By Tom Ewing
Red imported fire ants (RIFA) have recently been found in several areas of Southern California and sitings were first discovered in San Diego County almost a year ago. Thought to have been unknowingly transported to the area by landscaping materials that originated from infested areas, this aggressive pest is known to cause damage to structures, electrical equipment, gardens and landscaping. This species of fire ant has the most toxic venom of all species, resulting in a burning characteristic of the sting.
Red imported fire ants are small (1/8 to 1/4 inch long), reddish brown and can quickly produce many nests and colonize your yard. While this dangerous species of fire ants does not seem to have spread beyond a few isolated incidences in San Diego County, awareness can go a long way toward protecting your landscaping investment and the people living on your property. While aggressive actions are taken by the California Department of Forestry and Agriculture (CDFA) officials upon each siting, there is little that can be done to prevent red imported fire ants from building colonies on your property. However, once they have been discovered, immediate action can prevent their spread.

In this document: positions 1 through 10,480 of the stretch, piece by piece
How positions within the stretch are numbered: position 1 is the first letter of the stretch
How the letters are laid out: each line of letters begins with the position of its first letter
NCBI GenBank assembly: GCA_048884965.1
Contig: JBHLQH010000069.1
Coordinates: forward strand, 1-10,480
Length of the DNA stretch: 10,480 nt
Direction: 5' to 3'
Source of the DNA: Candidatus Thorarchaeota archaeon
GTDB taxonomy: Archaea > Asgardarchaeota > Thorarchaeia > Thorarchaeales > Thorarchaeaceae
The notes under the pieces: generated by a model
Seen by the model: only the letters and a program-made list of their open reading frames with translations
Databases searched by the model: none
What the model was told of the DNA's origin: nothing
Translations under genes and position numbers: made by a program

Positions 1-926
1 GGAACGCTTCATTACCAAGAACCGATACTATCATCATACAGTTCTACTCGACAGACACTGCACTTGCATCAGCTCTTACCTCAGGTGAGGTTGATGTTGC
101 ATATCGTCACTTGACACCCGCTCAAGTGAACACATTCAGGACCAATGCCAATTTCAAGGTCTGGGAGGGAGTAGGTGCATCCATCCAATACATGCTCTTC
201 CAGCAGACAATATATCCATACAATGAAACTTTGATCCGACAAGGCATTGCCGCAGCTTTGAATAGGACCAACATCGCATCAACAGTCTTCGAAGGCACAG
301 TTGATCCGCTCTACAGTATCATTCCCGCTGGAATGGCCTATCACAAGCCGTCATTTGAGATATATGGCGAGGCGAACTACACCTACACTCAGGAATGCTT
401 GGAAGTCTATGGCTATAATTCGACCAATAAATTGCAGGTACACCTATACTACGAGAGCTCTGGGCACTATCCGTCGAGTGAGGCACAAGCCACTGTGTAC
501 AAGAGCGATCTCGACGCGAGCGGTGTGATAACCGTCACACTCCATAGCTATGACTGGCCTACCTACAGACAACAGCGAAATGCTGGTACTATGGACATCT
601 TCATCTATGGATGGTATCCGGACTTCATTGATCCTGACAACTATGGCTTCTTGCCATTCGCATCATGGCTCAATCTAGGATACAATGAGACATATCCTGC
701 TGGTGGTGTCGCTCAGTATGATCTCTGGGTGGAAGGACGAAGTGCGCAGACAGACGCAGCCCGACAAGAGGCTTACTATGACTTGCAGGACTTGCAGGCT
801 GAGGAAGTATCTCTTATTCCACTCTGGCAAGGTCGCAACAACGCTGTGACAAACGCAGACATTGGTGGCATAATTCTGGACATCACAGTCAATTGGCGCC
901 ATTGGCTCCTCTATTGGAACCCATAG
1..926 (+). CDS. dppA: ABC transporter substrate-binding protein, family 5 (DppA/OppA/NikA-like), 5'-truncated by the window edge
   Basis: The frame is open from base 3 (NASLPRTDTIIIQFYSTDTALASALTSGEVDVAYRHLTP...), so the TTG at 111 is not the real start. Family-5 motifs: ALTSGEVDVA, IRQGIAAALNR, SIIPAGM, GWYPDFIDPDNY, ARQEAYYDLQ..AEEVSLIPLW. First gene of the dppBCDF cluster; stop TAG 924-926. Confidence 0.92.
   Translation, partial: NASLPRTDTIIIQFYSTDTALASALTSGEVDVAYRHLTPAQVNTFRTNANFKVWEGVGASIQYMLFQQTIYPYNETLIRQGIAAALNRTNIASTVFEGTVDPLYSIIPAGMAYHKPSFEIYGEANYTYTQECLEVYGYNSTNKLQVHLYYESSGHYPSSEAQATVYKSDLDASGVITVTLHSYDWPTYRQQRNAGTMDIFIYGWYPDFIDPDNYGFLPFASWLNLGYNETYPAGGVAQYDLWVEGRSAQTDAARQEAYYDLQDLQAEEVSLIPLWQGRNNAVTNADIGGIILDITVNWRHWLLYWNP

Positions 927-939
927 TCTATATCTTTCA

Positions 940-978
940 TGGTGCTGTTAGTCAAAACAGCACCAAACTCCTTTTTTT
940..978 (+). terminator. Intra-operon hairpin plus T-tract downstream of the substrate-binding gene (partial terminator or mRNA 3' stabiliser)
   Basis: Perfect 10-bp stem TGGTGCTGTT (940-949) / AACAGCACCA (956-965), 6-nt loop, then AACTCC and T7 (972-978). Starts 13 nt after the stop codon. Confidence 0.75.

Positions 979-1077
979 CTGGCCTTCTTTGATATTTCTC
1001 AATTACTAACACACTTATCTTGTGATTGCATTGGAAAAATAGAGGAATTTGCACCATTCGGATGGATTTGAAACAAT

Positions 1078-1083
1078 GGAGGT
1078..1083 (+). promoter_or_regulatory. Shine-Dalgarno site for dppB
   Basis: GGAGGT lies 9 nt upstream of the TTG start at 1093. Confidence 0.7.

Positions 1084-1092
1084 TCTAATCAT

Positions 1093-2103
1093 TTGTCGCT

The first sign of fire ant infestation is the appearance of small mounds that resemble small gopher hole mounds. In contrast to the native southern fire and harvester ants which tend to build irregular nests with numerous entrances, the red imported fire ant typically builds its mounds near structures such as trees, yard plants, pipes and walls. Each mound can house thousands of ants, which can quickly swarm onto a person or object that disrupts their habitat.
CDFA has developed an extensive series of bait stations for detection throughout the county. If you suspect you have RIFA on your property, contact the California Department of Food and Agriculture Pest Hotline at 800-491-1899. They can recommend treatment methods to prevent further distribution of this pest.
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